Tuesday, January 01, 2008

January Publishing Notes

The buzz: Augusten Burroughs’ new memoir, A Wolf At The Table, is expected to be in stores this April. Rich Merritt, author of the new novel, Code of Conduct, has launched a Web site and a blog for writers at http://www.richmerritt.com/. Andy Quan’s new book of poetry, Bowling Pin Fire, is now in bookstores. Kensington will publish Rakesh Satyal’s Blue Boy, about a sexually confused Indian-American boy who thinks he may be the reincarnation of the Hindu god Krishna. The Bibliothèque Nationale in Paris has opened “L’Enfer,” its secret collection of erotic manuscripts and art, to the public for the first time in nearly 40 years. The collection, amassed over 170 years, includes manuscripts by the Marquis de Sade. Letters to Noel Coward, a new book edited by Barry Day, revealed that Noel Coward served as a British spy before and during World War II. Little Britain star David Walliams has signed a two-book deal with Harper Collins Children’s Books. His untitled debut novel is expected in the Autumn of 2008. Chad Allen is expected to star in a third in the Donald Strachey mysteries for Here! TV. Rupert Everett will write and act in a movie about Oscar Wilde. Ewan McGregor and Jim Carrey have signed on to star in I Love You Phillip Morris, based on the book by Steve Russell. Among the talent lining up for Gus Van Sant’s film of The Mayor of Castro Street are Sean Penn as Harvey Milk, James Franco as Milk’s longterm partner Scott Smith, Josh Brolin as Dan White, and Emile Hirsch as Milk’s aide Cleve Jones.

Kudos: C. Bard Cole won the 2007 Novel of Novels contest for This is Where My Life Went Wrong. It will be the first book-length work of fiction to be published by Blatt Books. Among Out magazine’s annual list of notable queers were writers Edmund White, Kevin Sessums, Thomas Mallon, Eliot Schrefer, Kim Powers, Lori Sonderlind, and editor Will Schwalbe. Arch Brown’s Palm Spring’s Thorny Theater won four Desert Theater League Star Awards including Best Original Writing for David Brendan Hopes for his play Anna Livia, Lucky in her Bridges, and Best Overall Production for Arch Brown's Doubleltalk. Artist Delmas Howe will receive the 2008 Lifetime Achievement award from the Leslie/Lohman Art Foundation for his contribution to gay art.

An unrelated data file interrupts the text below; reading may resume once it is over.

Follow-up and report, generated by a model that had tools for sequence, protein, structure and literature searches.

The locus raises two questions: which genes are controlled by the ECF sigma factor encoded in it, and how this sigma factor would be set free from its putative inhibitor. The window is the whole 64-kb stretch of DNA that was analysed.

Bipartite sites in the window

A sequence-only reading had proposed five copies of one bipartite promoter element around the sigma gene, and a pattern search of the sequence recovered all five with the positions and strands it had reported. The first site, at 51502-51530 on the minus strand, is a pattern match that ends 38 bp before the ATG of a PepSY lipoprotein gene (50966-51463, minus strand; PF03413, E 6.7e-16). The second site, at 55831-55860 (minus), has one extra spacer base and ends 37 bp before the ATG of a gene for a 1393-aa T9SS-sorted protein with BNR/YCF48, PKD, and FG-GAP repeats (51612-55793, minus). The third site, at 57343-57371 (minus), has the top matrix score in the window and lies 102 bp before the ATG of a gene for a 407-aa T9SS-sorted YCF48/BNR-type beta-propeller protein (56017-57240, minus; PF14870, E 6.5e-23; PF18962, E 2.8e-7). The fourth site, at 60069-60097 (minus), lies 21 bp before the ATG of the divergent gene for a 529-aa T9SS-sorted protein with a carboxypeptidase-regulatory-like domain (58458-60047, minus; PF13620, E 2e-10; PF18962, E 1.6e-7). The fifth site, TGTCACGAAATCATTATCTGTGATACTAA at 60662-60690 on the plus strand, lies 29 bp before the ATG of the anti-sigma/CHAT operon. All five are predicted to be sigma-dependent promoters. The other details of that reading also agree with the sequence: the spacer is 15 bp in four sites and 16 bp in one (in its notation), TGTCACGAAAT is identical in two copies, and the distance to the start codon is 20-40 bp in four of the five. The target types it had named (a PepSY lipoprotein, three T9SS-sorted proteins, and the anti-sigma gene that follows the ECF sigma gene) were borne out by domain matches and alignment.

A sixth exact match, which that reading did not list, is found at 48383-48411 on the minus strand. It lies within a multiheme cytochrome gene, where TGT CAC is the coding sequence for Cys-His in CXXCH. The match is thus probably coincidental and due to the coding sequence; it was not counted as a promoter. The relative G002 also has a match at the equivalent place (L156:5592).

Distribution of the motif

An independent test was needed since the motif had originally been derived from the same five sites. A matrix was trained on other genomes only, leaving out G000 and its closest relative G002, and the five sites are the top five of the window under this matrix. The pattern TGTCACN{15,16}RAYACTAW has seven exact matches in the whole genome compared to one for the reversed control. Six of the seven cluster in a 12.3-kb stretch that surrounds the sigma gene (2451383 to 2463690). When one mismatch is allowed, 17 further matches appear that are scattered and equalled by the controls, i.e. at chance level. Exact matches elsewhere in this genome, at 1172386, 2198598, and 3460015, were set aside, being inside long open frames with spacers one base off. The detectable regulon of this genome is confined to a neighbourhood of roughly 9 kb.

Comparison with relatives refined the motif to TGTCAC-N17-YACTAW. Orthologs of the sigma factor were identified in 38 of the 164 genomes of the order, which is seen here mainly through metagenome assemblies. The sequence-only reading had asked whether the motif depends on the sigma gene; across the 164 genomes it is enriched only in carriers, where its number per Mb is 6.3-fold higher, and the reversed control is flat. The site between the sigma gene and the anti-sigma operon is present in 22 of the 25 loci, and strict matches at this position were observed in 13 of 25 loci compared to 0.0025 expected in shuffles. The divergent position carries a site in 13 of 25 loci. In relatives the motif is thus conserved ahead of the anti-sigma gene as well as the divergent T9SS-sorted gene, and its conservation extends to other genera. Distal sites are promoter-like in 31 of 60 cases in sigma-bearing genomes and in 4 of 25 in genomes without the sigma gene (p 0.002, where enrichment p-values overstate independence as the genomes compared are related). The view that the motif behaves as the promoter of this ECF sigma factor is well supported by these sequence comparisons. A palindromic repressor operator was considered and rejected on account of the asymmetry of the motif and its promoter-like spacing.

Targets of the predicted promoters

Open Calls: The Queer Foundation, a Washington nonprofit corporation, will offer the three winners of its 2008 High School Seniors English Essay Contest College scholarships in the amount of $1,000 for studies in queer theory or a related field at a US college. Deadline is February 29, 2008. More details can be found at the Web site. ** Richard Labonté and Lawrence Schimmel are seeking submissions for Queer Utopias, a science fiction anthology, to be published by Arsenal Pulp Press, Spring 2009. Maximum word length: 10,000 words. Submissions can be sent as an attachment in .doc format to queerutopias@gmail.com. Deadline is May 15, 2008. ** The Leslie/Lohman Gallery accepting submissions for four large group art exhibitions in 2008. The Great Gay Photo Show, a large group photography show; Art! Actually! Painting, Drawing, Sculpture, about the act of making art, The Great Lesbian Show, a large group lesbian show, and Imaginary Portraits: Gay Lovers In History, a large group show of portraits based on known or newly discovered LGBTQ couples from ancient to contemporary society. For more details on deadlines and submission requirements, please visit the gallery’s Web site.

My Favorites of 2007: Favorite novel: Michael Tolliver Lives by Armistead Maupin. The trip down memory lane was unforgettable. Favorite memoir: Fun Home by Alison Bechdel. Deserves every award it received. Favorite story: “Love and Hydrogen” by Jim Shepard -- I finally caught up with this ill-fated romance that takes place on board the Hindenburg. Favorite movie: La Vie en Rose. Marion Cottilard is amazing as Edith Piaf.

Passages: Historian Allan Bérubé died of complications from stomach ulcers at the Catskills Regional Medical Center in New York on December 11, 2007. He was 61. Berbe was the author of Coming Out Under Fire: The History of Gay Men and Women in World War II, published in 1990 and which won a Lambda Literary Award and was adapted as a documentary by Arthur Dong. In 1996, Bérubé received a grant from the John D. and Catherine T. MacArthur Foundation for his work. He was also one of the founders of the San Francisco Gay and Lesbian Project in 1978. He is survived by his partner John Nelson, his mother, and three sisters. ** Mel Cheren, a pioneering force in the dance music movement of the '70s and an AIDS activist, died December 7, 2007, from complications of AIDS. He was 74. Known as the “Godfather Of Disco,” Cheren co-founded West End Records in 1976. Cheren was a key backer of the Paradise Garage, a nightclub in the West Village. Cheren gave Gay Men’s Health Crisis its first home, donating space for it in a building he owned in Chelsea, and sponsored its first fund-raiser, at the Paradise Garage. Cheren also started 24 Hours For Life in 1987, a non-profit organization of music and media professionals who raised money for AIDS awareness. In 2000, Cheren published a memoir, My Life and the Paradise Garage: Keep on Dancin', which became the basis of a feature length documentary, suitably titled The Godfather of Disco.